Jul 9, 2001 2:18 PM
|Can anyone with more scientific sense than me (and my idiot friends) weigh in on this very serious matter? If two people go on a ride and one does the climbs faster than the other, will his cyclocomputer show a faster avg. speed at the end of the ride?
To expand it a little, what if the faster climber turned very short, very slow circles at the tops of the climbs while waiting for the slower climber?
And lastly, why is it if four people go on the exact same ride and use the same computer, they inevitably will all show a different distance at the end of the ride?
Thanks for the opinions!
Jul 9, 2001 3:12 PM
|What's the argument? The formula is quite simple:
average speed = distance / time
If one rider does a specific distance (climbing or not) in less time than another rider, the first rider will have a higher average speed.
Turning slow, short circles increases the distance by a small amount but the time by a large amount, which will lower the average speed. (Hint: want a higher average speed? Don't do that! Or disconnect the computer first.)
Finally, assume four people ride identical bikes with identical computers all calibrated correctly. You'll still get different numbers, because the four people won't ride the exact same path. Even minute differences in distance, such as how sharp you turn corners, add up over time.
|cyclecomputer differences||Mel Erickson|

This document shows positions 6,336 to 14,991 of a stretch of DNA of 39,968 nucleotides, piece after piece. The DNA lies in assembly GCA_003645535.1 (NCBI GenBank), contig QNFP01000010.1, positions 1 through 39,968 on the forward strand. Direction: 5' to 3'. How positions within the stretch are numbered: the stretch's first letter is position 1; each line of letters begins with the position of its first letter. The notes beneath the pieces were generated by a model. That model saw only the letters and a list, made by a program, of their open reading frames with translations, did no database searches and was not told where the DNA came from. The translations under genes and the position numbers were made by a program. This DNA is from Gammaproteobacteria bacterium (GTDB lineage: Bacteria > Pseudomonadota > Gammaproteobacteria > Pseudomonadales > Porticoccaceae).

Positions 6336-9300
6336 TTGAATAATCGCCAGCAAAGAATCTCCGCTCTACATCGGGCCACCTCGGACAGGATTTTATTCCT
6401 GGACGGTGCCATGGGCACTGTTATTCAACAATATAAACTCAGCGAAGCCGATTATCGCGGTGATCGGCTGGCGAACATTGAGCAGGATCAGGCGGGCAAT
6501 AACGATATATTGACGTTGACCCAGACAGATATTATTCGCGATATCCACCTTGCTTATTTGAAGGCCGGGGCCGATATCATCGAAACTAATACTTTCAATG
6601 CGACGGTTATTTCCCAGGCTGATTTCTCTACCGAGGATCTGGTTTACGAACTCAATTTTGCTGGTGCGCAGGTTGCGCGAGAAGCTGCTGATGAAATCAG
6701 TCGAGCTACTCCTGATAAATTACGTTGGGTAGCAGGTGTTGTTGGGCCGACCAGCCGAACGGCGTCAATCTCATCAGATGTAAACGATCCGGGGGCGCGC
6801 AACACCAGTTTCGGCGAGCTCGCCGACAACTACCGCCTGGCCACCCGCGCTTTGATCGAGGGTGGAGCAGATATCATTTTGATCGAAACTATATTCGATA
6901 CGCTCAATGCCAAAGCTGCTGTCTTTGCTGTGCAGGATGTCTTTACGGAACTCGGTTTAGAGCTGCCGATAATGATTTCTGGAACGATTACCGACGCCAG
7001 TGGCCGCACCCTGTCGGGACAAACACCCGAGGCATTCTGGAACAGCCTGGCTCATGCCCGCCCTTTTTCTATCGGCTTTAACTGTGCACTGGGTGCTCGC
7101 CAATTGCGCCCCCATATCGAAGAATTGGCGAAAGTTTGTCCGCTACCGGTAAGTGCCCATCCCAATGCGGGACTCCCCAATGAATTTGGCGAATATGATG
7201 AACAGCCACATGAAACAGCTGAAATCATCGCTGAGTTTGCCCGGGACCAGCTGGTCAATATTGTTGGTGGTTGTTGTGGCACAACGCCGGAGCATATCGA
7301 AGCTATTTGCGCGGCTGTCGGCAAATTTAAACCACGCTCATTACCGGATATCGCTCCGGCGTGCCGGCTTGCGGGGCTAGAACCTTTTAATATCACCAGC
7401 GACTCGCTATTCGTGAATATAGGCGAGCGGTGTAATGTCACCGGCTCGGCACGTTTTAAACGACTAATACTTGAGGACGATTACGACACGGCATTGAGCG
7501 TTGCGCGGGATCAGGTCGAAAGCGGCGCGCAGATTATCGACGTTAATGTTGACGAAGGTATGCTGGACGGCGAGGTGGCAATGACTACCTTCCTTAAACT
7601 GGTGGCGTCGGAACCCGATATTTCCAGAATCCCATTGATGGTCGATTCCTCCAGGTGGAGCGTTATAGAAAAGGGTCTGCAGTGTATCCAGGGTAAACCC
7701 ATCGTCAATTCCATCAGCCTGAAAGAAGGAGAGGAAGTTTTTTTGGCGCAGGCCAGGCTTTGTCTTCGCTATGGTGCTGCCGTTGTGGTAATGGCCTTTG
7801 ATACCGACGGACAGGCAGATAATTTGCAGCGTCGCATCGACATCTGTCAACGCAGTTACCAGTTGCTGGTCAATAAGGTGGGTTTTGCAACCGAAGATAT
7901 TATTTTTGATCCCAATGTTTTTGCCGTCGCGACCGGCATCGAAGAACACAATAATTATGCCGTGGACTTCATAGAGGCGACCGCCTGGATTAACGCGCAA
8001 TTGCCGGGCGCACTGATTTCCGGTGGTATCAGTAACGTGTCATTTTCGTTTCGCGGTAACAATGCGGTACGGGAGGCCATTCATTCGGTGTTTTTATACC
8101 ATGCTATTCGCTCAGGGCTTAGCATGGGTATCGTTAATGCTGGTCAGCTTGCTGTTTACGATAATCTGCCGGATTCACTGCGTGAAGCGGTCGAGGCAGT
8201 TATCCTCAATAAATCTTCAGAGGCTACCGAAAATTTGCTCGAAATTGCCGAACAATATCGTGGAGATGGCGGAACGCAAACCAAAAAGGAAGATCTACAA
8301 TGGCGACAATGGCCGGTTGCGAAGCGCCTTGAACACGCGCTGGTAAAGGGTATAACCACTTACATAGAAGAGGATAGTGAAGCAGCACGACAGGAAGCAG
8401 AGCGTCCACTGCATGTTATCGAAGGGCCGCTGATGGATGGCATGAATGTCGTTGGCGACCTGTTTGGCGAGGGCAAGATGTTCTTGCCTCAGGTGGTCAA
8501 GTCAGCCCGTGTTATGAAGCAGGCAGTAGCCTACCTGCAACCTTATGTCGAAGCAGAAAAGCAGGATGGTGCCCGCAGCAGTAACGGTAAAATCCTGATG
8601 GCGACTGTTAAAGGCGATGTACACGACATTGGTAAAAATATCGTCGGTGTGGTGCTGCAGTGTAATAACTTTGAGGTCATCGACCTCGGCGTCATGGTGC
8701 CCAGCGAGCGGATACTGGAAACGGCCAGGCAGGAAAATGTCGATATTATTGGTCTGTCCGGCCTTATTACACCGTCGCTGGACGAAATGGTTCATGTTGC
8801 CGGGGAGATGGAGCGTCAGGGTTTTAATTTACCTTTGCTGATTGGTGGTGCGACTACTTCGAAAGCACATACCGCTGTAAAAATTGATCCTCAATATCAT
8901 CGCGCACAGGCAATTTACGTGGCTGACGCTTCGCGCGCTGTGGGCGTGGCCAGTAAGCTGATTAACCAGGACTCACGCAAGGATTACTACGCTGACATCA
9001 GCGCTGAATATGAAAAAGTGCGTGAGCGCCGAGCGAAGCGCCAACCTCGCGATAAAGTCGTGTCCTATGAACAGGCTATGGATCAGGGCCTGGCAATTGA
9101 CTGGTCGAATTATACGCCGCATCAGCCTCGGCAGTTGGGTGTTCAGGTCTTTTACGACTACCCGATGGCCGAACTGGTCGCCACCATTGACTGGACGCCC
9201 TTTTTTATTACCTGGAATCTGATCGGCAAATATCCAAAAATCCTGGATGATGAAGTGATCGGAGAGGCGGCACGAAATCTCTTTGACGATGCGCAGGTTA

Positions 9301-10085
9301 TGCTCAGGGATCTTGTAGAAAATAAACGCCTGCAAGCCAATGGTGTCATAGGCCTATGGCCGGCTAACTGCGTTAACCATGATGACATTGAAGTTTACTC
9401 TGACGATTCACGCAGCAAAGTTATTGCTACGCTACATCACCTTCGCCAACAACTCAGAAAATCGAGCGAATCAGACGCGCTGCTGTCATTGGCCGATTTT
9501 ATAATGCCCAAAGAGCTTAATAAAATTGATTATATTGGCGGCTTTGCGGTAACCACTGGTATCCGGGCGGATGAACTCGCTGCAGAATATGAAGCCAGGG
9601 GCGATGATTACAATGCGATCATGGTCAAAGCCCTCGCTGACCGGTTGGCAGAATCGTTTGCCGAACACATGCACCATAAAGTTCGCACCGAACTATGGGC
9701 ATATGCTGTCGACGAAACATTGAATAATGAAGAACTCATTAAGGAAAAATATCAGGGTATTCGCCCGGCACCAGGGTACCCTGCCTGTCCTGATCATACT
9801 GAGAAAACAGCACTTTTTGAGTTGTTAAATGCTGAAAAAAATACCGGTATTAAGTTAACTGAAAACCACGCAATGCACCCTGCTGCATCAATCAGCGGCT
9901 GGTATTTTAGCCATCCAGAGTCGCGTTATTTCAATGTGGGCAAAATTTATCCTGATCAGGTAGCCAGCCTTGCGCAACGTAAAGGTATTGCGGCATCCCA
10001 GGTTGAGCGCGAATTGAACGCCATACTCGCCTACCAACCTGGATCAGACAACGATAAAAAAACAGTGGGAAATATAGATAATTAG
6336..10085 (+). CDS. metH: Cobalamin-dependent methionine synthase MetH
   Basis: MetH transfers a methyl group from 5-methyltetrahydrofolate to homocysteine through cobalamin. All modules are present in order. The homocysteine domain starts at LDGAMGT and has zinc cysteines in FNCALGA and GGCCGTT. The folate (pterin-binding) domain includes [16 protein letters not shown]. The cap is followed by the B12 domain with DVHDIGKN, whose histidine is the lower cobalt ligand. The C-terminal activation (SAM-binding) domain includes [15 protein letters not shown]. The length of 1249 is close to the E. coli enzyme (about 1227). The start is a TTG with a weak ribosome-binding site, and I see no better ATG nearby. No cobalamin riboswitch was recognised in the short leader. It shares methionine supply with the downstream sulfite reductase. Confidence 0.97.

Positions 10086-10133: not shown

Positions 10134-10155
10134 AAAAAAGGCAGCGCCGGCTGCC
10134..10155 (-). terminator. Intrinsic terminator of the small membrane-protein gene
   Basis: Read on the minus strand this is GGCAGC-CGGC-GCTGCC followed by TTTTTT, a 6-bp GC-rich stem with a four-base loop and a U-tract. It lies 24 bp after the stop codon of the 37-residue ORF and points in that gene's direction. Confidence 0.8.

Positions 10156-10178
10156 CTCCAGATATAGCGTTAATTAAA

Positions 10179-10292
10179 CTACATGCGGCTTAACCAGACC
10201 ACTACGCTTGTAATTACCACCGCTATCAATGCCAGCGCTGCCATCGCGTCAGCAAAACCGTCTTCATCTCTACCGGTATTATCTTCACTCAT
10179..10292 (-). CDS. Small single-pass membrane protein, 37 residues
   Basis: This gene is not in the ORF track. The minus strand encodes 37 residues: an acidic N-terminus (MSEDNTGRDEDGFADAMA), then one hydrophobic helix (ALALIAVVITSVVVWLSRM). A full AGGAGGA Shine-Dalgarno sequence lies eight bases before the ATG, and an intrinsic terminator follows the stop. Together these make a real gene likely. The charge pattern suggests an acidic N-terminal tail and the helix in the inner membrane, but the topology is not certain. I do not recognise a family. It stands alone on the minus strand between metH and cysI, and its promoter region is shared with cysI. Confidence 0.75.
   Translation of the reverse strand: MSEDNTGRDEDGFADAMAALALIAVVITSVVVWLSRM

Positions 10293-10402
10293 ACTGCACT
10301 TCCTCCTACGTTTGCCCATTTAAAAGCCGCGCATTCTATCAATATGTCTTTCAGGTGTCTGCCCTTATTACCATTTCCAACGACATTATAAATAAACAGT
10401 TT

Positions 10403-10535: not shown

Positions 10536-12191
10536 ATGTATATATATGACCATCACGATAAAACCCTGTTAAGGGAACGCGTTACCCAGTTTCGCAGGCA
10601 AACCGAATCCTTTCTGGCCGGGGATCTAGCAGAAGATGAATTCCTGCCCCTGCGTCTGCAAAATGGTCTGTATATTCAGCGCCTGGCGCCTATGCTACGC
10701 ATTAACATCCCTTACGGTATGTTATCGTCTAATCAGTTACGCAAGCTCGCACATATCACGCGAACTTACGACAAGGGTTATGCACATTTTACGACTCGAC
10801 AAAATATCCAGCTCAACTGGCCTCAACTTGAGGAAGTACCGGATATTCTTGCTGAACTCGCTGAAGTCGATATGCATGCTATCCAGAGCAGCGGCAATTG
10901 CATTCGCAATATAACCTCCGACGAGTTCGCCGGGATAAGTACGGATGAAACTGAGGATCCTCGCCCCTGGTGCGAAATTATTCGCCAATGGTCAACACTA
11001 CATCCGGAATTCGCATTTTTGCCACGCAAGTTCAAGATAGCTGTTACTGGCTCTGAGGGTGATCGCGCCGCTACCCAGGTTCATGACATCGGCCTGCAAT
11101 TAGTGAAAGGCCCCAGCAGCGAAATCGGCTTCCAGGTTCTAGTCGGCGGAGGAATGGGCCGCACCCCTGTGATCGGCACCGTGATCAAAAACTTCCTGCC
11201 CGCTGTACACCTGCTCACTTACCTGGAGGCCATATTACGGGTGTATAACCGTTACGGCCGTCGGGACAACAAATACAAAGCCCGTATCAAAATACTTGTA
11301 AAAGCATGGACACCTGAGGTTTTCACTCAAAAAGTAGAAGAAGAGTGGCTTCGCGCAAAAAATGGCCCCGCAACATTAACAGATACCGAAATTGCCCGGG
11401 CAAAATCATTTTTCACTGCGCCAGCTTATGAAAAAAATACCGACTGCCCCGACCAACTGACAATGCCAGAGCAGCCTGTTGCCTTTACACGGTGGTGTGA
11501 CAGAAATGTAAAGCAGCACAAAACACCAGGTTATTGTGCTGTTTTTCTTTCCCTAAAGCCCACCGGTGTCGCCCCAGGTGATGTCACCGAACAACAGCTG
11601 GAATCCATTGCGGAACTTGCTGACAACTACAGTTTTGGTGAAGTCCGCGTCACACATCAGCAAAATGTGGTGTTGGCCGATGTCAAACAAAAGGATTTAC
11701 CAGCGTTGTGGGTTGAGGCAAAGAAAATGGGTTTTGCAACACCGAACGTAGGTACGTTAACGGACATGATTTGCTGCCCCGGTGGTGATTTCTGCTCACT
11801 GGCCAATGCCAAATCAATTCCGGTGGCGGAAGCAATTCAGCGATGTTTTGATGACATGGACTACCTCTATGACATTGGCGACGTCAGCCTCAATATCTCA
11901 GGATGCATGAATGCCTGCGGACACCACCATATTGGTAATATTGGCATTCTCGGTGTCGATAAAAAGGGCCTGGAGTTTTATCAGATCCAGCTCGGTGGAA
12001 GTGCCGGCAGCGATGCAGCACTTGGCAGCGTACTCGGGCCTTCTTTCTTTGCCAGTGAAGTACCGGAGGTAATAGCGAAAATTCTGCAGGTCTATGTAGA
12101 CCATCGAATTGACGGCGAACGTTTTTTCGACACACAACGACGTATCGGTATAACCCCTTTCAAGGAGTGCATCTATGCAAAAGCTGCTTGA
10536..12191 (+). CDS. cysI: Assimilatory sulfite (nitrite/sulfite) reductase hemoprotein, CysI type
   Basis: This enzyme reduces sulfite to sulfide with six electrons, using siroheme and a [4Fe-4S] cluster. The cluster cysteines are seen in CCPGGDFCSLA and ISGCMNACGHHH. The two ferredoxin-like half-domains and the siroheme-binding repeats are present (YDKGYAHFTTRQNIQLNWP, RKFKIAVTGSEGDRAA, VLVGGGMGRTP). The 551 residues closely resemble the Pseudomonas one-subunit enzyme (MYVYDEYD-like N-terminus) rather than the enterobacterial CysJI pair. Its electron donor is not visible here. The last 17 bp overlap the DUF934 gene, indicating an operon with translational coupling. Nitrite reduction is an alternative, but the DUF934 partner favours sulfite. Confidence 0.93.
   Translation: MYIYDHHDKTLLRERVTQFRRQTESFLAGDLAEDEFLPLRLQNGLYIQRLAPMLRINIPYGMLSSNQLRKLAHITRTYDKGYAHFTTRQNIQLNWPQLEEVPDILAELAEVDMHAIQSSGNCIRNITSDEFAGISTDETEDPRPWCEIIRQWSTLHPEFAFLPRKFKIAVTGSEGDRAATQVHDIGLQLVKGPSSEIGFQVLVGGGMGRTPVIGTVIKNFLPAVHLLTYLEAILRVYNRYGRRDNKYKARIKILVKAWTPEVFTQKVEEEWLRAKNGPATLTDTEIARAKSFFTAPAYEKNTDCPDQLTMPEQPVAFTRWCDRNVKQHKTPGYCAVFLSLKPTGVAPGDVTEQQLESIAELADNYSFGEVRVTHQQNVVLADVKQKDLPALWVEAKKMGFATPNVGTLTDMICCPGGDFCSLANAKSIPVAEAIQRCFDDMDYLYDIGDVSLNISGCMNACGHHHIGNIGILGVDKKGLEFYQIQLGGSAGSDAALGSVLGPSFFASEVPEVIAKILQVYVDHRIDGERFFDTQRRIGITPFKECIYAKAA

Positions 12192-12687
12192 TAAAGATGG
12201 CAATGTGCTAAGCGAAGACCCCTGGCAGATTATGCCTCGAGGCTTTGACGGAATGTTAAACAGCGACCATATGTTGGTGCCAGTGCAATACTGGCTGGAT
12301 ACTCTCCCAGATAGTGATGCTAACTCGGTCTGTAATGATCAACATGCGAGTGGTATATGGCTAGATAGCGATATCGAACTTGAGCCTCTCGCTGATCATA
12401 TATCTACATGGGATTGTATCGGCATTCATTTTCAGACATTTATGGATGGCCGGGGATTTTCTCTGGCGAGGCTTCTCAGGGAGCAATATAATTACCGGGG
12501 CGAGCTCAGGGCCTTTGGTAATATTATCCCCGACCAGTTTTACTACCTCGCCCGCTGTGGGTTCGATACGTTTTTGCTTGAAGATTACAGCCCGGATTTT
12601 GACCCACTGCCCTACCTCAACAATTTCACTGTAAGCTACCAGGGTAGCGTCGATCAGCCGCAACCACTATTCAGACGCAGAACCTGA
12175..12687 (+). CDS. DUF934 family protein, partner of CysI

Jul 9, 2001 3:33 PM
|Differences are mainly due to different computer calibrations (what you put in when you set it up) and different tires/wheels.|
|simple math||Jay H|
Jul 9, 2001 5:48 PM
|..and some computers are set to stop keeping time after it senses no wheel spinning while others are set to only start/stop via user input (pushing a button). |
The alternative is the guy with the fast time did a wheelie the whole trip and he has a sensor in the front... Then his average speed could be real high yet he'd finish the same time.. :-)
|one other thing to keep in mind...||Akirasho|
Jul 10, 2001 1:29 AM
|... computer/calculators... don't add and subtract like we do... that is, they use algorithms... that can produce some interesting quirks.
A few years ago, I was doing a simple (non cycling) average... but it didn't look right... after rechecking by hand... the average indicated by the calculator was indeed wrong... and wrong in every other calculator I tried it in at the time...
This type of error is rare... but they do occur (if I'm lucky, there'll be a few more zeros to the left of the decimal point on next week's check)... depending on the algorithm used in your 'puter... you could get some odd readouts at times...
Be the bike.
|re: Cyclecomputer argument!!!||yoodoofus|
Jul 10, 2001 6:27 AM
|Do you really think every computer is calibrated EXACTLY THE SAME??? And all the factors that affect calibration (tire diameter and wear, rider weight, etc.) will be the same for each rider??? If so do you really think every rider takes EXACTLY THE SAME line over the course of a ride??? Geez|
|re: Cyclecomputer argument!!!||guod|
Jul 10, 2001 8:05 AM
|My opinion is that you are.... well - dumb. No way all 'computers' are calibrated the same. Various tire diameters and air pressure, diffrent lines thru corners, automatic start/stop, etc. I sure hope you haven't lost any sleep over this.|
|I'm humbled by your superior intellect||CRM|
Jul 10, 2001 9:34 AM
|I really appreciate you taking the time to insult my intelligence in your post. I didn't remember providing my opinion on the question in my original post, so I'm impressed that you deduced that I was "well - dumb." I'm not sure why you waste your superior intelligence on these simple message boards, but in the future perhaps you could simply post an answer without being a jerk.|| |